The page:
As I head into the second half of the year, I want to continue focusing on building up my core positions. Unfortunately, I have not seen the best buying opportunities for some of my core stocks. JNJ is getting into the buying range, so I am going to be looking at that closely. But some of the consumer staples continue to be in the overvalued range (rather frustratingly).

I did some back-of-the-envelope math and while the portfolio is performing really well, I feel I might fall short of the $6000 PADI goal for the year. We shall see. 🙂

How is your portfolio doing? Let me know in the comments below.


Two Year Blog-a-ver-sa-ry

Dear Readers,

Today marks the day when this blog turns 2 years old!

This is a pretty huge deal from a personal standpoint. While I have maintained a blog at different junctures in my life, those blogs eventually died away because I simply lost interest OR some other project took precedence. The fact that I have been at this for two years is an achievement onto itself.

When I started this blog, I had my doubts as to whether this was the right medium to document my personal journey as an investor. The YouTube scene was pretty vibrant. Folks were (and still are) getting onto podcasts. But somehow these mediums never really fit the bill for my personal situation. I was pretty sure that I wanted to maintain an anonymous presence on the internet while documenting my journey. I was also pretty sure that this time spent should give me back some value in return as well. Not necessarily, monetarily. But atleast it should help me in my investing journey in some shape or form.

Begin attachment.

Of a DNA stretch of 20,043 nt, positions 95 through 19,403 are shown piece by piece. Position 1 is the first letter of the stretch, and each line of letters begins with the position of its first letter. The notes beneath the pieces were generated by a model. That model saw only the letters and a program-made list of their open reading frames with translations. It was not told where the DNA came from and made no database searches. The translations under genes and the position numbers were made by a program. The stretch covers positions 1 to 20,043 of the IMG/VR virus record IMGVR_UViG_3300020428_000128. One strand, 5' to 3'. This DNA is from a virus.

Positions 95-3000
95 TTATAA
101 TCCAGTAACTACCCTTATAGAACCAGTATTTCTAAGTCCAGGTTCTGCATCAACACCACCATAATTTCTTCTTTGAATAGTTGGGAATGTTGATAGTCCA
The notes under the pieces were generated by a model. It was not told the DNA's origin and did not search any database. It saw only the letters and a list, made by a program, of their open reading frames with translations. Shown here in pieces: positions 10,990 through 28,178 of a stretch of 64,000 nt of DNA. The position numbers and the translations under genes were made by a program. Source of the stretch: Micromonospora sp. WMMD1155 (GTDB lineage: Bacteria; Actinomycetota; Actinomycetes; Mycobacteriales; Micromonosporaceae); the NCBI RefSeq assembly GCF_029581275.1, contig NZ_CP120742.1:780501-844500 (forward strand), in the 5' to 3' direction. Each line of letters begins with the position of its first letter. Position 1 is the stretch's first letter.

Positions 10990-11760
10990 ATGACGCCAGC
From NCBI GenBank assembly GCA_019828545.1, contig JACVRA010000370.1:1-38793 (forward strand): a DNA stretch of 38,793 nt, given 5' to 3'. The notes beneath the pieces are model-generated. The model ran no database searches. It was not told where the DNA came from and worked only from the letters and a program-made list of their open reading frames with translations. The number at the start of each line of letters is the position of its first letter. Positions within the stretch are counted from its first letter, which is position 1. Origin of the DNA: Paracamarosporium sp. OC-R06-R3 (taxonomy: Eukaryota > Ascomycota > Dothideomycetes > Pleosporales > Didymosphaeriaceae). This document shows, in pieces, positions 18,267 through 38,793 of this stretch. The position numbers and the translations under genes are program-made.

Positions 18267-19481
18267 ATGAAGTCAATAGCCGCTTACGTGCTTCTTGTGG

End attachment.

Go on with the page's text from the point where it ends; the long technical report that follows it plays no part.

Blogging seemed to check a lot of boxes. Since my free time comes sporadically, I can think about what I want to write and start drafting my post mentally even before I am in front of my keyboard. Writing helps my thought process. It either reinforces my beliefs OR forces me to question my understanding. Either way, it makes me really think critically about my subject matter (in this case my investments).

But perhaps the biggest gains have been an opportunity to interact with you, the readers of my blog. I have also had to privilege of appearing as a guest on the following podcasts and interacting with some really smart folks. Do check these podcasts out, these folks are doing some amazing job!

I hope to continue with this blog for as long as I possibly can. While doing so, I hope that I can provide value to my readers and also learn from your collective experiences.



The Five Rules For Successful Stock Investing – Book Review

Dear Readers,

As I have stated multiple times in this blog, I have derived (and continue to derive) almost all of my knowledge about investing by reading books. I feel this is a far better medium of learning the tricks of the trade. It also comes as no surprise that the most successful investors of our times are also voracious book readers. This was perhaps my biggest motivation when I started my investing book review series on this blog. I do not want this to be a quantitative exercise where I mindlessly read dozens of books every year. I really want to discuss these books and my takeaways from them.